October's tea party-inspired government shutdown was awful for big businesses. The anti-Obamacare crusade led by Sen. Ted Cruz (R-Texas) and House tea partiers kept the government closed for 16 days and won zero policy victories for the GOP, but their showboating robbed billions from the economy. Because of the shutdown, Standard & Poor's revised its economic growth projections for the last quarter of 2013 downward from 3 percent to 2.4. percent. The harm to the economy would have gone from unpleasant to catastrophic if Cruz and his partners in crime had their way and let the government hit the debt ceiling.
Throughout the shutdown, corporations begged the Republicans to step back from the ledge and keep the government funded. Their protestations fell on the deaf ears of new members of Congress who feel less beholden to corporate donors than past generations of Republicans. For a moment after the shutdown was resolved, it seemed like big business finally had enough with the GOP's hardliners. Moderate GOP candidates jumped into primary challenges against tea partiers with the blessing of corporate donors immediately after the shutdown.
The dissatisfaction of Big Business didn't last all that long. Reuters analyzed donations from the biggest business political action committees and found that they are still funneling money to the Tea Partiers who wanted the government to crash and burn last month. Since Congress voted to re-open the government on October 16, the eight biggest corporate PACs have donated nearly $85,000 to the 162 Republicans who voted against the deal to raise the debt ceiling and end the shutdown. For context, those same PACs have also given $246,000 to the 366 members of Congress who voted for the deal. Reuters found that some companies, such as Honeywell, were still donating to hardline Republicans even while they were railing against the government shutdown.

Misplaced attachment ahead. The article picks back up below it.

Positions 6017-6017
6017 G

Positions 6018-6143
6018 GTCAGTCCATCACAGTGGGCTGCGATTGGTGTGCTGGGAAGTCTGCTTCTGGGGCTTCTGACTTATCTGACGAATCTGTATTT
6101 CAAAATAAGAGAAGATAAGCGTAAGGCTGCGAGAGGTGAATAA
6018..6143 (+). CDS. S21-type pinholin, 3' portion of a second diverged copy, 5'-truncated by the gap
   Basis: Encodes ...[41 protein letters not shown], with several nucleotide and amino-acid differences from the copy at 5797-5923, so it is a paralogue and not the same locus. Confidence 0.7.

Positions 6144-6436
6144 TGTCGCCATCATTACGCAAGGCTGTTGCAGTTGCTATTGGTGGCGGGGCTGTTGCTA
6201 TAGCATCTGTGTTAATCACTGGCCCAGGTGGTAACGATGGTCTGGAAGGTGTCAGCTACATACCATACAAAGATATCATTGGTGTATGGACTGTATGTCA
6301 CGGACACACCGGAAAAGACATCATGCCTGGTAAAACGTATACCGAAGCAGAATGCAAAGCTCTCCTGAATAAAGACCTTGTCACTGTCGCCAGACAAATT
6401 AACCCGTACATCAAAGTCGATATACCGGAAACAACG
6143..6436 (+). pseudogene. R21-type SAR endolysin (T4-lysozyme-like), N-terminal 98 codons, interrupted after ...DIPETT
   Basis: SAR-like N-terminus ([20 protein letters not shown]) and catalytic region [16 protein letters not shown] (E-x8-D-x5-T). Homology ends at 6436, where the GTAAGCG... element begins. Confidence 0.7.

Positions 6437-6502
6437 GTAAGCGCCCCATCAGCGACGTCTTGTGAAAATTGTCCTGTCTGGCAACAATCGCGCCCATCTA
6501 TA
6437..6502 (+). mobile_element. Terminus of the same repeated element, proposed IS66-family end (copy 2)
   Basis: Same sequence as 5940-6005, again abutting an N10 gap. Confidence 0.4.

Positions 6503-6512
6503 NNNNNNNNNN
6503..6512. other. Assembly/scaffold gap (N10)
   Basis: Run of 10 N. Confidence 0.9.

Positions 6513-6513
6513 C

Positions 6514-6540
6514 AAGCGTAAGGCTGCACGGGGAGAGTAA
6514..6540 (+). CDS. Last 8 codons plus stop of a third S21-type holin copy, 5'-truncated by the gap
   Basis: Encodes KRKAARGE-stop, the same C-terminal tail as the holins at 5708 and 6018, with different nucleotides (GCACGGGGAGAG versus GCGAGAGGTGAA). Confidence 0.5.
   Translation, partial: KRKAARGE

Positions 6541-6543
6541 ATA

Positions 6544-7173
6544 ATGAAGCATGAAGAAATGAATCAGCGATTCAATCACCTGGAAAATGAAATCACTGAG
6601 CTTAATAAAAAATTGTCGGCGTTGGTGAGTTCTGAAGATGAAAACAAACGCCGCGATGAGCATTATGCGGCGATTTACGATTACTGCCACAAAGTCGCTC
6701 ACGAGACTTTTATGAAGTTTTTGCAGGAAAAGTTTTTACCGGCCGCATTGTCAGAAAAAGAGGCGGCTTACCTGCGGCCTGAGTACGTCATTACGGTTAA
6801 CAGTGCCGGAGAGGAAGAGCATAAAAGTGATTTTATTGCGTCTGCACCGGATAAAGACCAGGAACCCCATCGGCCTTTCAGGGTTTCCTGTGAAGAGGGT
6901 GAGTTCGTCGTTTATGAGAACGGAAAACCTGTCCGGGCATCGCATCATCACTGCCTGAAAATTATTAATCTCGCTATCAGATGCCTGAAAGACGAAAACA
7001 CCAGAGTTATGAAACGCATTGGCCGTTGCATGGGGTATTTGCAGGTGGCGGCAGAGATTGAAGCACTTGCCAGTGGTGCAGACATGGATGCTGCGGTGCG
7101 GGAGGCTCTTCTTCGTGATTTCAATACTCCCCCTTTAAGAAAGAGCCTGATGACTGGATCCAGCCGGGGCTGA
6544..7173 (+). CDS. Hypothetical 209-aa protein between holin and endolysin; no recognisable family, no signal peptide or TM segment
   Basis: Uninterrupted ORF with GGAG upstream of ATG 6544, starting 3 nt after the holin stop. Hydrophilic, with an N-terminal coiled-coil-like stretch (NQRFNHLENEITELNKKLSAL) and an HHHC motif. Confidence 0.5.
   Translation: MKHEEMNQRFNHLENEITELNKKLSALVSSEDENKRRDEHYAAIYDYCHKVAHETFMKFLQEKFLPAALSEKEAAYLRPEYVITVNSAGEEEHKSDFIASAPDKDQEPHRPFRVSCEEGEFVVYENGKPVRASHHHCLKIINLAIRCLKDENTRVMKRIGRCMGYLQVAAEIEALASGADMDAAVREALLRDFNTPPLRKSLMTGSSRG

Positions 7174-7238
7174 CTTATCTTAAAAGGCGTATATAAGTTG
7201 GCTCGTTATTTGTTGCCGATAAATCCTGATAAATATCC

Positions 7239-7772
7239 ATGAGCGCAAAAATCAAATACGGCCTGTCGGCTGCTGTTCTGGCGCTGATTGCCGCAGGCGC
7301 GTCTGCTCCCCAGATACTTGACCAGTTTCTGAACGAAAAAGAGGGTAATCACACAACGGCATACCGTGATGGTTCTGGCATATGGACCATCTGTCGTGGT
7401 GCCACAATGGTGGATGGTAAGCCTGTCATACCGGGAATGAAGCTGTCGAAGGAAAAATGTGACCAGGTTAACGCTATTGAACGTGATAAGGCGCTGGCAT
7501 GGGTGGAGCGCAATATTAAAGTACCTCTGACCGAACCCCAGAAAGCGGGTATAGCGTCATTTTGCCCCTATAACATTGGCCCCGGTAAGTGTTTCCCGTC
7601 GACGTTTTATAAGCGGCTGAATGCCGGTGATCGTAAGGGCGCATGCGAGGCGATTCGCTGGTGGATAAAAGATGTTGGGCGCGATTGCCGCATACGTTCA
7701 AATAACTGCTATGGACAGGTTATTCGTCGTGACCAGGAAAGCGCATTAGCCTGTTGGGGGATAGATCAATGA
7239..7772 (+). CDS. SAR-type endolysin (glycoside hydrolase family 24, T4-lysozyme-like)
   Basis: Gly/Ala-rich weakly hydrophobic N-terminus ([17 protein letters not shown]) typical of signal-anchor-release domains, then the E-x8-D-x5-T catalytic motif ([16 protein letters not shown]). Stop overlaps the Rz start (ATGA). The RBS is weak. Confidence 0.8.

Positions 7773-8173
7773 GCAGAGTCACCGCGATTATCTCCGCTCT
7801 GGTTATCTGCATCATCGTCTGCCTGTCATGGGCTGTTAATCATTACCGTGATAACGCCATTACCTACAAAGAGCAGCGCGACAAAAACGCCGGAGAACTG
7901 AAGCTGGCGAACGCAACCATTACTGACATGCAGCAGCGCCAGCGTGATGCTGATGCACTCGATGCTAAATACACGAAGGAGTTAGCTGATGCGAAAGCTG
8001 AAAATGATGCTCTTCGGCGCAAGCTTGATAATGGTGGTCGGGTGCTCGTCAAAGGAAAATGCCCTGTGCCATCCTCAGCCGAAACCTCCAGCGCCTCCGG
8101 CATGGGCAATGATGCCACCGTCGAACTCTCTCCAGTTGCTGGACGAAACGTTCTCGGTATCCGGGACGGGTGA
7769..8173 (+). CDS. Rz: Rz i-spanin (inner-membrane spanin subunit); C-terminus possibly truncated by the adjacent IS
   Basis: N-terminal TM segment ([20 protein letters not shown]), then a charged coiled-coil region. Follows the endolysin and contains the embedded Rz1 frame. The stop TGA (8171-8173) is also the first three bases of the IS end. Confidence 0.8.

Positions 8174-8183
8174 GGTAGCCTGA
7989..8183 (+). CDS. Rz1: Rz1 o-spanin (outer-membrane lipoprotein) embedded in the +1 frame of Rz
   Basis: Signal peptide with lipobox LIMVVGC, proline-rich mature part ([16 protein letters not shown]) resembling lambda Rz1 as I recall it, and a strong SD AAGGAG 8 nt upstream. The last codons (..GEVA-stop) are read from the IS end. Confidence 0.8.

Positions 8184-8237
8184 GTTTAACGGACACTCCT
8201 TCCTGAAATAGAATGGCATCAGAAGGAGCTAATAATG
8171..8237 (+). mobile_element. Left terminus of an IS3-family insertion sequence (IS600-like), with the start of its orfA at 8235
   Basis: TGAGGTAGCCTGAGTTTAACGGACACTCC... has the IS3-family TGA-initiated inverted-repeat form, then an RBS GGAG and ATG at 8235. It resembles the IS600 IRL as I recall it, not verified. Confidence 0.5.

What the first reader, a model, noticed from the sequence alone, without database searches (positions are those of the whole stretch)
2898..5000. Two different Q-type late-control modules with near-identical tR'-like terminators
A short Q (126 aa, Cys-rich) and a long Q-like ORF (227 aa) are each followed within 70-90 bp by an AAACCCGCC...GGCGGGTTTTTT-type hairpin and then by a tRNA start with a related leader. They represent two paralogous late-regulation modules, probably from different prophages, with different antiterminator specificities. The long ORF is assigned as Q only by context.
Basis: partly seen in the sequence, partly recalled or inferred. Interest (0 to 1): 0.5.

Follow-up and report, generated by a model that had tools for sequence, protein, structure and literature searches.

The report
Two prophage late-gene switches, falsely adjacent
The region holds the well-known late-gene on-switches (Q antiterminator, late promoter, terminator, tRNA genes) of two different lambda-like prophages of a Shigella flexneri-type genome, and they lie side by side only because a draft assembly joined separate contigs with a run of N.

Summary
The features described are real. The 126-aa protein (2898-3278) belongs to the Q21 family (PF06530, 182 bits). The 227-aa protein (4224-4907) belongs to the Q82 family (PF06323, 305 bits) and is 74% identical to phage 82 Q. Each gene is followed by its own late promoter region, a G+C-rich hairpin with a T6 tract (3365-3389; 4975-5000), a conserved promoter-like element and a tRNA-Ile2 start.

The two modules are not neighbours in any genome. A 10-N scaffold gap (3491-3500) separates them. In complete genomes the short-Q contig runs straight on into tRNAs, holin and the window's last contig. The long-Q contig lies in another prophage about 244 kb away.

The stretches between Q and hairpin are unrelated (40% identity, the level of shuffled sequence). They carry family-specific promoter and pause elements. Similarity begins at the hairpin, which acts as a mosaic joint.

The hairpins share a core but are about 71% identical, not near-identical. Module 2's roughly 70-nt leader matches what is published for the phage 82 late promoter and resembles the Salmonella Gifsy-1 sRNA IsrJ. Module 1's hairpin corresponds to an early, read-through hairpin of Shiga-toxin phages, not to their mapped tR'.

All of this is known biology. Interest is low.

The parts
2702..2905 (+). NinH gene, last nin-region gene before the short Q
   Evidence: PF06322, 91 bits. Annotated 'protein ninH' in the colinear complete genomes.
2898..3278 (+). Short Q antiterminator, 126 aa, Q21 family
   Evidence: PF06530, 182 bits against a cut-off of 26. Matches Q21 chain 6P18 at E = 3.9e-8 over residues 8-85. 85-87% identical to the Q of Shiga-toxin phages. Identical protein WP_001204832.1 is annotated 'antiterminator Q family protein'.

Even if corporate America despise the tea partier's methods, it turns out business still cares more about lower marginal tax rates and lax regulation than a functioning government.